People of the Sahel caught between right-wing regimes & terror groups

The ‘butterfly effect’ is used to explain a complicated theory touching on mathematics and meteorology. It posits that the flap of the slender wings of a butterfly could create minuscule changes in the atmosphere that might ultimately be sufficiently enhanced to accelerate or delay a faraway tornado or alter its path. The idea might help explain recent dramatic events in the Sahel region of north Africa, notably the French military intervention in Mali and the murderous events at the In Amenas energy plant in south east Algeria.

Heavily armed Islamic fundamentalist groups relatively recently linked up with local groups in northern Mali at the beginning of 2012 and managed to take control of a number of towns. This panicked the Malian military. It panicked the French government and other western governments just as much because their economies source vital raw materials in Mali including uranium and gold.

In response to the French intervention – or so they said – heavily armed jihadists led among others by an experienced Algerian fighter, Mokhtar Belmokhtar, attacked the huge gas plan in In Amenas, taking hostage Algerian and foreign workers.

These stormy events in part can be traced to faraway Afghanistan over twenty years ago. Then the invasion by the Russian Stalinists and the response of the American CIA were more dramatic than the flutter of butterfly wings but their impact is still reverberating around the Muslim world.

The CIA financed the jihadi fighters who piled into Afghanistan including from north Africa to fight the Russian devils. Thus was born Alqaida, armed and trained by the agents of the USA. The same jihadists returned to their home countries after the Russianswere defeated but not to retire however. The overthrow of their own secular, often brutal, governments was now the objective to be replaced with the brutality of sharia law.

The groups that were spawned in Afghanistan visited atrocity upon atrocity on the people of Algeria in particular in the early ‘Nineties. The Algerian military were equally savage in putting down this threat to a regime that had become inept and corrupt. Just how ruthless is evident from the veteran journalist Robert Fisk when he wrote this week how Algerian intelligence dispatched its agents to Afghanistan to infiltrate the Mujaheddin groups there in order to gather intelligence for passing on to the the Russians with whom they were in alliance.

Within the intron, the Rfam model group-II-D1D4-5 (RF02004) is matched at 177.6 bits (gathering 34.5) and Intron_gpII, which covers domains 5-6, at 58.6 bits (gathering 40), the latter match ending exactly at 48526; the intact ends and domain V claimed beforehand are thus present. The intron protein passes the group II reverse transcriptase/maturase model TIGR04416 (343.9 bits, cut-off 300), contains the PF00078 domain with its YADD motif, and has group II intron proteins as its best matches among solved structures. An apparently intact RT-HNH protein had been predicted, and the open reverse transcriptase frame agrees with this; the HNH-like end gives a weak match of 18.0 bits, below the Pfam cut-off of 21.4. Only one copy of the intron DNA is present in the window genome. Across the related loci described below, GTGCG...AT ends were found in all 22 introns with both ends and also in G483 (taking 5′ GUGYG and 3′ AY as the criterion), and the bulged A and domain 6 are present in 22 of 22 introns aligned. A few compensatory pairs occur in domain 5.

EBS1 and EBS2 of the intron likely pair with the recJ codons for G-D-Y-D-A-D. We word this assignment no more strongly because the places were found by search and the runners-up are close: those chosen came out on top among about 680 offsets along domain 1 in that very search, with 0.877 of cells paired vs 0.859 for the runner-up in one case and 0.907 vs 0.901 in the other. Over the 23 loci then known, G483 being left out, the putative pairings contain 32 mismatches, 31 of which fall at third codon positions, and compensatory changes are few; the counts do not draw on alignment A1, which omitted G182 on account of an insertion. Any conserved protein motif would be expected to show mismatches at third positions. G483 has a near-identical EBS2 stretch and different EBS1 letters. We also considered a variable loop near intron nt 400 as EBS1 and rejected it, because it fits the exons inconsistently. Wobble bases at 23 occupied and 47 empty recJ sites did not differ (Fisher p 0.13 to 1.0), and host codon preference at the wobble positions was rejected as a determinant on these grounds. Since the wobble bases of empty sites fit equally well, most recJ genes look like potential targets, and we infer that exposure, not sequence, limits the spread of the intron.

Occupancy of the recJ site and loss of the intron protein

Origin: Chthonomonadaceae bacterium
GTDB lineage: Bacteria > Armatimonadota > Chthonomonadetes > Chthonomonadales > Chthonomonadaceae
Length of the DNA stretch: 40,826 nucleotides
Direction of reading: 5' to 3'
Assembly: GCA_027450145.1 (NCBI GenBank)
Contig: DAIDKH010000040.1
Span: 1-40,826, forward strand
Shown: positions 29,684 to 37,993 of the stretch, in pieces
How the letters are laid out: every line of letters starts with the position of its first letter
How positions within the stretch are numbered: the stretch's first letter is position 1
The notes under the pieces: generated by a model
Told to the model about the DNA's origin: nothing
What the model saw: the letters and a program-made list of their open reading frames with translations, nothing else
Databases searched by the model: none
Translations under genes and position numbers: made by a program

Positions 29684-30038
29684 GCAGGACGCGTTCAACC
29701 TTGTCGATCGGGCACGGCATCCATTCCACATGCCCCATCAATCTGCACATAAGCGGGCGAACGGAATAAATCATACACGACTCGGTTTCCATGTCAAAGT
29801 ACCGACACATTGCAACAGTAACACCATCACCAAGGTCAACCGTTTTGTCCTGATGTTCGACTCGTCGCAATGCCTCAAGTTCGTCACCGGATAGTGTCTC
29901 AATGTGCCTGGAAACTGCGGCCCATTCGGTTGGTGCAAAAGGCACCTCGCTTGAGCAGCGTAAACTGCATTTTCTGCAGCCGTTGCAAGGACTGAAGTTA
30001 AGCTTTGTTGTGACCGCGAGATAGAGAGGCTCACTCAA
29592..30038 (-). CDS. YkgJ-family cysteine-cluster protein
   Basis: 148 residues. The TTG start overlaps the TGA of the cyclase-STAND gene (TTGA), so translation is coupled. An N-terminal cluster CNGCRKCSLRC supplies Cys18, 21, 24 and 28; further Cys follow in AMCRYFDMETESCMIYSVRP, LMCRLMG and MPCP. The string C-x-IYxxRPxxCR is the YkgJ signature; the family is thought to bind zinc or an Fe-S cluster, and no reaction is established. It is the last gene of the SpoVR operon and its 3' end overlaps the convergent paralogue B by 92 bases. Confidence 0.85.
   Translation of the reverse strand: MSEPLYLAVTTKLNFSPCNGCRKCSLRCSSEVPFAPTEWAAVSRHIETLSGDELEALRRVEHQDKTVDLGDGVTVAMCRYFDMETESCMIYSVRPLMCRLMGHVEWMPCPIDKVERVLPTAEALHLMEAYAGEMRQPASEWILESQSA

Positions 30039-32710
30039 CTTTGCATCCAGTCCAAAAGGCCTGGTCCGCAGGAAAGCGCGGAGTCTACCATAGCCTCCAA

Fisk explains: ‘But when the Algerians came home, the army ordered their own men to remain undercover with the Islamist groups. So when the terrible civil war began, individual officers, to keep their cover, participated in the massacre of civilians. And thus they became contaminated by atrocities.’

Pity the poor people of Mali caught up in the tentacles of these forces. With 14.5 million people and a landmass 15 times the size of Ireland, Mali is one of the poorest countries on earth with many living in destitution. In the ‘Eighties and ‘Nineties the structural Adjustment Programmes of the IMF forced wholesale privatisation of public services and enterprises as a price for loans. Multinational companies were the beneficiaries.

France sources a third of the uranium requirements for its nuclear power plants in neighbouring Niger. Along with uranium, gold, bauxite, manganese, tin and copper are some of the resources coveted by major powers such as the United States and China. That is why the United States has been developing its own strategic interests in the Sahel region something which the French are acutely aware. These were key factors in prompting the current intervention which is supported now by the EU.

Naturally the Irish government is falling into line behind the narrative about the intervention being in defence of democracy and human rights which were threatened by the Islamist groups. That might be more plausible if France hadn’t offered to send police to Tunisia at the end of 2010 to prop up the Ben Ali dictatorship there when it was tottering in front of the Arab Spring revolution.

The ruthless forces that contended in Afghanistan could find a basis for themselves in Algeria, Mali and elsewhere because of the alienation of sections of local populations impoverished under corrupt governments which facilitate the robbery of their resources by western capitalism and China. The Arab revolutions gave a glimpse of how ordinary people can exert their power. If the revolution continues and goes over to taking the wealth of the region and developing it democratically for the benefit of the big majority it could raise the sights of the desperate masses currently living in grinding poverty, state repression or left to the brutal methods of the jihadis. Even one significant movement that pointed in this direction could begin a new ‘butterfly effect’ but this time with consequences that would enormously enhance the lives of the masses rather than plunge them into the current murderous chaos.

The outcome of the Arab revolutions has shown that it is not enought to change the faces in government while leaving capitalism in power. Governments of the workers and the small landholders are necessary to implement the kind of socialist policies that would transform the region.